buys your stock can be more important than how much of it they
The idea is simple. If a powerful institution is buying up a stock,
then others are likely to follow. Those institutions that follow
will drive the stock price higher.
But sometimes a big purchase may not work out. That's because those
big investments are often times the ones that precede a proxy fight
for control of the company. Those tend to be long, drawn out
battles that do not always have a positive outcome for
shareholders. Investors that follow those false leads do not get
what they were hoping for.
However, lately there have been a number of big moves by stocks due
to institutional investors and their purchases. Most go unnoticed
by investors and the media.
In this article, I will share with you specifics on three different
types of institutional investors. I will show some examples of
each, how to spot them, and then tell you how to profit from this
The Obvious Institution
How would you know the agenda of the buyer based solely on the name
of the firm?
Not all investments are as transparent as
variety. The activists make it clear to the company and investors
that they want to enact some radical changes. Press coverage
generally follows, some getting more than others.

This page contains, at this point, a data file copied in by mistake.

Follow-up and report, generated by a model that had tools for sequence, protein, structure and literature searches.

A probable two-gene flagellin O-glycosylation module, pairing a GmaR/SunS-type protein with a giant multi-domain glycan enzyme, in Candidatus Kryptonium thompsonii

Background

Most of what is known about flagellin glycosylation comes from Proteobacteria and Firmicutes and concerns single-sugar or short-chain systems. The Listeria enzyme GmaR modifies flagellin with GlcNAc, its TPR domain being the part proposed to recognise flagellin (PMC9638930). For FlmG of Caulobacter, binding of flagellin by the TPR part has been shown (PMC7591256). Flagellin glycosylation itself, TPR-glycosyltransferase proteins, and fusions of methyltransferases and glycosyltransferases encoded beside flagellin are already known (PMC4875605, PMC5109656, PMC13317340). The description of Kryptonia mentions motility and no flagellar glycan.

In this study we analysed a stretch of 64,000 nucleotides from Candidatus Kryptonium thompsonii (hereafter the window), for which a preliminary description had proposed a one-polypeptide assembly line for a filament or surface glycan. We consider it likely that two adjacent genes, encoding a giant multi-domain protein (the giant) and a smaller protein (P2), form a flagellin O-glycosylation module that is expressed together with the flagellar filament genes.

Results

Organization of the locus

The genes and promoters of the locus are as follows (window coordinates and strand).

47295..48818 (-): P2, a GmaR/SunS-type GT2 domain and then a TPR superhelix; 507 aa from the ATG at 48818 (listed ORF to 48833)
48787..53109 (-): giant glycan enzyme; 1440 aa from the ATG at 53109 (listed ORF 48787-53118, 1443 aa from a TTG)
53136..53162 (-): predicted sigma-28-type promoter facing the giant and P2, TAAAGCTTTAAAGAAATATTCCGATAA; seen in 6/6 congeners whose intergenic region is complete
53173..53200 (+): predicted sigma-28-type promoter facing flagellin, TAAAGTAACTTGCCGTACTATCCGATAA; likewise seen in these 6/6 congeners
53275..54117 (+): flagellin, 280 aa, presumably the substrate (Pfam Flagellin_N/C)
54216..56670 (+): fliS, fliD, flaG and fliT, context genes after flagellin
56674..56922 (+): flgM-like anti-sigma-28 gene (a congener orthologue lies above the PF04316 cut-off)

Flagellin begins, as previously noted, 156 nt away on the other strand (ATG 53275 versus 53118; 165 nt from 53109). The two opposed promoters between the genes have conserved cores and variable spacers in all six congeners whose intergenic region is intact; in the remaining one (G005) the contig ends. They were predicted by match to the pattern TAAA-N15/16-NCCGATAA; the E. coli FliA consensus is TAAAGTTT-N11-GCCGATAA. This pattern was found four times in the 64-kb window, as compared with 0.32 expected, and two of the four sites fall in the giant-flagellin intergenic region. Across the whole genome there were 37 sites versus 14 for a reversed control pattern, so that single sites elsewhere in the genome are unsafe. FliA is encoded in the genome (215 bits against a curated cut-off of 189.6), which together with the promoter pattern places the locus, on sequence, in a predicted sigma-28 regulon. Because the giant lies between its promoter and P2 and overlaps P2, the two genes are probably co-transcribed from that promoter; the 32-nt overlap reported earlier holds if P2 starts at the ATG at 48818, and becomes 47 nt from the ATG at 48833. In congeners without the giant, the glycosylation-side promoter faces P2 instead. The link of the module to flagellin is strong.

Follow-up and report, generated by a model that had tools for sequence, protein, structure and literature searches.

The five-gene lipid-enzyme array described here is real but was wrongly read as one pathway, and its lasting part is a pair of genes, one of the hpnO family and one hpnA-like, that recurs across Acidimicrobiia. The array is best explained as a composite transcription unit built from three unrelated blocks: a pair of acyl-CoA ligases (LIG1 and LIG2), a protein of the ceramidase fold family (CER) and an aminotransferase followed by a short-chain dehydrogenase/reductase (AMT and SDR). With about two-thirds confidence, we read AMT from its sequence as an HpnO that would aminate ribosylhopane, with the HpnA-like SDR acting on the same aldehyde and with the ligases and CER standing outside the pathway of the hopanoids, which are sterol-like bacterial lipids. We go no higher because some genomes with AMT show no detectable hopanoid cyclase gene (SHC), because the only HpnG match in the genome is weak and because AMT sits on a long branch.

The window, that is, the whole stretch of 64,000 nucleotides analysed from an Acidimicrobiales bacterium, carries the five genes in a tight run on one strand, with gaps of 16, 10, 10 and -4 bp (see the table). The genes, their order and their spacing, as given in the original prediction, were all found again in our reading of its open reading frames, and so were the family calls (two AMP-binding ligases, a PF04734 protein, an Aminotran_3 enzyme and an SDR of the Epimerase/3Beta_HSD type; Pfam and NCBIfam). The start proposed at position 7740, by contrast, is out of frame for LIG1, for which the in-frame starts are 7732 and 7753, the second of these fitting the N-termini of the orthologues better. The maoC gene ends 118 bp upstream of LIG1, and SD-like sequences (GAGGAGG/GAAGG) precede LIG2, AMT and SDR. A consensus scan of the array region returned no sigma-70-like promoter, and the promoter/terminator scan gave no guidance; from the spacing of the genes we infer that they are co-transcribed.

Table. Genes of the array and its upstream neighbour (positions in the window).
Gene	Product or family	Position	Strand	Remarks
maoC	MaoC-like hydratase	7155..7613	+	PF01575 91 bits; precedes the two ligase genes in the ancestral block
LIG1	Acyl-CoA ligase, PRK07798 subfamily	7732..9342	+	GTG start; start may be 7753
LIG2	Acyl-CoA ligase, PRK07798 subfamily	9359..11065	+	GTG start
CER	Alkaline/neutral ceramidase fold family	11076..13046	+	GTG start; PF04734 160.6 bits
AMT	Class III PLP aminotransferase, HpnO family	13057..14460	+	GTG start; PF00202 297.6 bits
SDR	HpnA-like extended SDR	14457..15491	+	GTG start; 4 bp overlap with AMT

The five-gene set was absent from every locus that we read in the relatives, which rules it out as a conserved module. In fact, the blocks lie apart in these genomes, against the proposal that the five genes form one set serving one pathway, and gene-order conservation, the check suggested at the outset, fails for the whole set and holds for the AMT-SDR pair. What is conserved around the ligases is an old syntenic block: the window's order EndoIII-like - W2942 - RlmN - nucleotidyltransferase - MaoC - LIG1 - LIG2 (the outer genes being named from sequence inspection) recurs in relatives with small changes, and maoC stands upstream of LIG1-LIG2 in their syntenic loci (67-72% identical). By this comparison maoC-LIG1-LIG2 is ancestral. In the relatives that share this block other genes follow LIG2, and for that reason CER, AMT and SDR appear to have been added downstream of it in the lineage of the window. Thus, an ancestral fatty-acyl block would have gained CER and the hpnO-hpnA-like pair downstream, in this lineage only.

The activist is generally the easiest to spot.
Examples of activists include Carl Ichan, Pershing Square and Third
Carl Ichan has been the subject of numerous shareholder activist
campaigns and has emerged as both the victor and loser. Pershing
Square recently forced change at the top of Canadian Pacific (CP)
via a proxy fight. And Dan Loeb recently won his way onto the board
at Yahoo! and has already made a big impact. These public battles
are easy to follow as the media loves a boardroom struggle.
You can generally see the activist coming even if they don't
announce it to the press. They will file a 13D, not a 13G. The D in
the filing signifies that the investor is looking for some sort of
See the Trades the Institutions are Hiding
Big institutional plans and funds try hard to keep others from
spotting their key stock moves too soon. They move their assets
slowly and want to buy in at the lowest prices.
Now a Zacks research breakthrough can alert you to the very best of
this "smart money" at the first sniff. Even through downturns and
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The Less Obvious Institutional Buyer
The opposite of the activist is
investor. The passive investor does much of what the name implies.
They invest without the notion of imposing their will on the board
of directors. They put their money in the stock and let the company
do the hard work of maximizing shareholder value.
This category comprises most institutional investors. They run the
gambit from FMR (Fidelity Management & Research), Vanguard
Group and Dimensional Funds on the big side to the smallest
investment managers that run only about $100 million.
The 13G is the filing of choice for these institutions. They
generally are just there to invest, but if push comes to shove,
they can change their minds.
The Quick Hitters